By Hannah Torregoza
Some senators on Tuesday thumbed down the Department of Interior and Local Government’s (DILG) proposal to revive Republic Act 1700 or the Anti-Subversion Act to boost the country’s anti-terrorism laws.
“No, I’m not inclined to support it, ang i-criminalize mo uli. It encroaches on the fundamental right to a peaceful assembly, to protest. I don’t think I will support that,” Sen. Panfilo “Ping” Lacson told reporters after a Senate hearing on the measures that seek to strengthen the Anti-Terrorism Act.
Lacson, head of the Senate committee on national defense and security, said DILG Secretary Eduardo Año’s proposal to re-enact the Anti-Subversion Law is out of the equation in their bid to strengthen the country’s Human Security Act (HSA) of 2007.
“No. That’s not under consideration. Na-decriminalize na ang Anti-Subversion Law,” he said.
Lacson said he sees no problem with students joining militant organizations like Kabataan Party-list or Anakbayan, “except, of course, that they are also violating the law for recruiting minors.”
“Pero hindi pa naman sila lumalampas sa stage na magjo-join sila ng NPA,” he pointed out.
But once the Department of Justice’s (DOJ) petition for proscription has materialized and the Regional Trial Court has ruled in favor of the government and formally accepted its proposal for the Communist Party of the Philippines – New Peoples’ Army (CPP-NPA) to be identified as terrorist organizations, then they would be liable under the HSA.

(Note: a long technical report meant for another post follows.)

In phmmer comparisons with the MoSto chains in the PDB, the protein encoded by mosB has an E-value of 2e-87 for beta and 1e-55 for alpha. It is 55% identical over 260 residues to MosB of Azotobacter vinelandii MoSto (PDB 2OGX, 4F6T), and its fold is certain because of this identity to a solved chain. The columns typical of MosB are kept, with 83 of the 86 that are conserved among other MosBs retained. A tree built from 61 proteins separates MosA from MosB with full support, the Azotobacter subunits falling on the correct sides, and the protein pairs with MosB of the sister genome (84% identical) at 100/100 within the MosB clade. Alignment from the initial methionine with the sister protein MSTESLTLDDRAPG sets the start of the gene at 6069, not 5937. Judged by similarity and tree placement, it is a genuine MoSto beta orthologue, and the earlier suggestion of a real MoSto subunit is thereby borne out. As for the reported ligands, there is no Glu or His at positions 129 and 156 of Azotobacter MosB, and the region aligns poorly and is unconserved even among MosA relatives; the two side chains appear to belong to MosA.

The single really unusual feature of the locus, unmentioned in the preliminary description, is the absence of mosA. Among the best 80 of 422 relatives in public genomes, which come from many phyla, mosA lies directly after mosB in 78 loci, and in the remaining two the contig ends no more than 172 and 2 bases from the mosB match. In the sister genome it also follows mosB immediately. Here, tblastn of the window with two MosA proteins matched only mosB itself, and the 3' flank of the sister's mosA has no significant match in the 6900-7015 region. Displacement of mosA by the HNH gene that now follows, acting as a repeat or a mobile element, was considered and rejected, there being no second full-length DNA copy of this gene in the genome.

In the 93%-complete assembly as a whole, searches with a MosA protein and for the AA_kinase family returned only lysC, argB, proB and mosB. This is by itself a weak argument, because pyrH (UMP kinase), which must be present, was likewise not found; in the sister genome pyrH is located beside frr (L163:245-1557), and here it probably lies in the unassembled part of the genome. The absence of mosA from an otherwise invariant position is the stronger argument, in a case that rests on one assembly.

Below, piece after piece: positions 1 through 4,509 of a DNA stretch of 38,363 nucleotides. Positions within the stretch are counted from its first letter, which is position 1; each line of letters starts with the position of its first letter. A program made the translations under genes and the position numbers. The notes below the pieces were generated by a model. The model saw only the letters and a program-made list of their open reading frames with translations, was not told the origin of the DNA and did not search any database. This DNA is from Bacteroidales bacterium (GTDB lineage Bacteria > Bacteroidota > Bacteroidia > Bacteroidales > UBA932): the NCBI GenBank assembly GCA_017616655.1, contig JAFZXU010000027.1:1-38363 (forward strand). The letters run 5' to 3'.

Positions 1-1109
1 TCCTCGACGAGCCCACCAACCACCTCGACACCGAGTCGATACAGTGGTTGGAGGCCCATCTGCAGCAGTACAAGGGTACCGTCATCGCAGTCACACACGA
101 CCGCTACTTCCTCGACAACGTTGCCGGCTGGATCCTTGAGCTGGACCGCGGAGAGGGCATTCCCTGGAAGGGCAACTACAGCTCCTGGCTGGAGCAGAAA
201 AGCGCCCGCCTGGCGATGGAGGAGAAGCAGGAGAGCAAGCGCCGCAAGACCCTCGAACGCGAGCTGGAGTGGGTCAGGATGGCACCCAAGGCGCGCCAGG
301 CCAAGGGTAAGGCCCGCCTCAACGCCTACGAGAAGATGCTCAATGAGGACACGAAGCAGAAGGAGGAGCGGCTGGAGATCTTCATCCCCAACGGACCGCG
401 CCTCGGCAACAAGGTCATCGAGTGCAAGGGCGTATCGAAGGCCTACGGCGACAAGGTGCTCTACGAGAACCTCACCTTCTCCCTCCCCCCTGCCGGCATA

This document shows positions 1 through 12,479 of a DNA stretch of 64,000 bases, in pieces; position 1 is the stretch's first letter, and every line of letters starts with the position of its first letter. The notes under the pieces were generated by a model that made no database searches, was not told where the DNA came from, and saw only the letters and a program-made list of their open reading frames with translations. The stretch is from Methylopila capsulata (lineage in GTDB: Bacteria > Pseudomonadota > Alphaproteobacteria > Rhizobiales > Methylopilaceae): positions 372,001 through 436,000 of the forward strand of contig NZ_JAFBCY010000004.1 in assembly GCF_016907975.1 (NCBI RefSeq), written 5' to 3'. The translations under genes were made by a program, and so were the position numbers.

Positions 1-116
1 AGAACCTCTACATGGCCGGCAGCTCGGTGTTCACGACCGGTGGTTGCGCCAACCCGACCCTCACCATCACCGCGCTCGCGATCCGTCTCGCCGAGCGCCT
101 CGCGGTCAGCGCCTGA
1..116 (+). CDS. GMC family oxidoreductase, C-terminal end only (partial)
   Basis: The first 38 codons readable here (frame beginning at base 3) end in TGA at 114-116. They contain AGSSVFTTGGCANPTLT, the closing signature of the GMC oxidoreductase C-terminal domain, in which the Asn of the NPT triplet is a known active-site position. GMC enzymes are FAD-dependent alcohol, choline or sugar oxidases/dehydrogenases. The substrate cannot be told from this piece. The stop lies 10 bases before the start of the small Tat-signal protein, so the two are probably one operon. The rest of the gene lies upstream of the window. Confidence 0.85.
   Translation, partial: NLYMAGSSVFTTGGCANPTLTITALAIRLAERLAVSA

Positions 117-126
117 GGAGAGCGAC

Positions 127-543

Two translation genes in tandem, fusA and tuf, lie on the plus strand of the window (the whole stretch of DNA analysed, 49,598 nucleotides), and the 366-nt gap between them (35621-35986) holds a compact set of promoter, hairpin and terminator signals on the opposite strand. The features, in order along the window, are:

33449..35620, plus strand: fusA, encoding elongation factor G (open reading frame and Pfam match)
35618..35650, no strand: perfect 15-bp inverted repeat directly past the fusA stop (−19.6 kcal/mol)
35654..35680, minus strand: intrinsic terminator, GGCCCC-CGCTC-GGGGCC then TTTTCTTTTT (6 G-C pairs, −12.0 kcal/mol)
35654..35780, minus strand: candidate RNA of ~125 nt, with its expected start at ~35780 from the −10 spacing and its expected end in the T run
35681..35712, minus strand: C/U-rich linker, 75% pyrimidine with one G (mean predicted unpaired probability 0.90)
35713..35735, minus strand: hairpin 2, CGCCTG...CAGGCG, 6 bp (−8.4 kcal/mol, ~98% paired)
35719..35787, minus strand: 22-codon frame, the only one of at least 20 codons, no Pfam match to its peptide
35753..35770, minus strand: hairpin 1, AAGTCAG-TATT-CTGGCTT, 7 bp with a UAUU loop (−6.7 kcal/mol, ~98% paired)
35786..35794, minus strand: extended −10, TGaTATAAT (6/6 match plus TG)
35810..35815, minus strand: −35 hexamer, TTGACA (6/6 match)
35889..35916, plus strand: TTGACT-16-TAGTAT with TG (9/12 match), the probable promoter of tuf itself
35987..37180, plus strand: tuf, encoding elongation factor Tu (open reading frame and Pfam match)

“Whoever joins the CPP-NPA will then be considered a terrorist, and therefore, in violation of the Human Security Act as it is now,” he said.
“I am not in favor of criminalizing subversion again. I would rather push for a strong anti-terrorism act that would somehow address the radicalization of students especially minors by preventing the CPP-NPA, once proscribed as a terrorist organization, from recruiting activists to join their ranks and commit terrorism against the state and its instrumentalities,” Lacson said.
Senator Grace Poe, for her part, also rejected the proposition, saying Congress should be careful with such proposals when the Constitution guarantees Filipinos rights to freedom of speech and freedom of assembly.
“We need to protect our democracy. We cannot use the law to stifle our peoples’ rights to free speech and freedom to peaceful assembly,” Poe said.
Senate minority leader Franklin Drilon, earlier, said he will oppose any move to revive the anti-subversion law which was already repealed by the Ramos administration.
“I will strongly oppose any attempt to revive the Anti-Subversion Law in the same manner that I am extremely against the reimposition of the Death Penalty Law,” Drilon said in a statement on Tuesday.
“We do not want this Congress to be remembered for resurrecting more ‘dead’ laws instead of formulating sound policies that will address the country’s present problems,” the minority chief pointed out.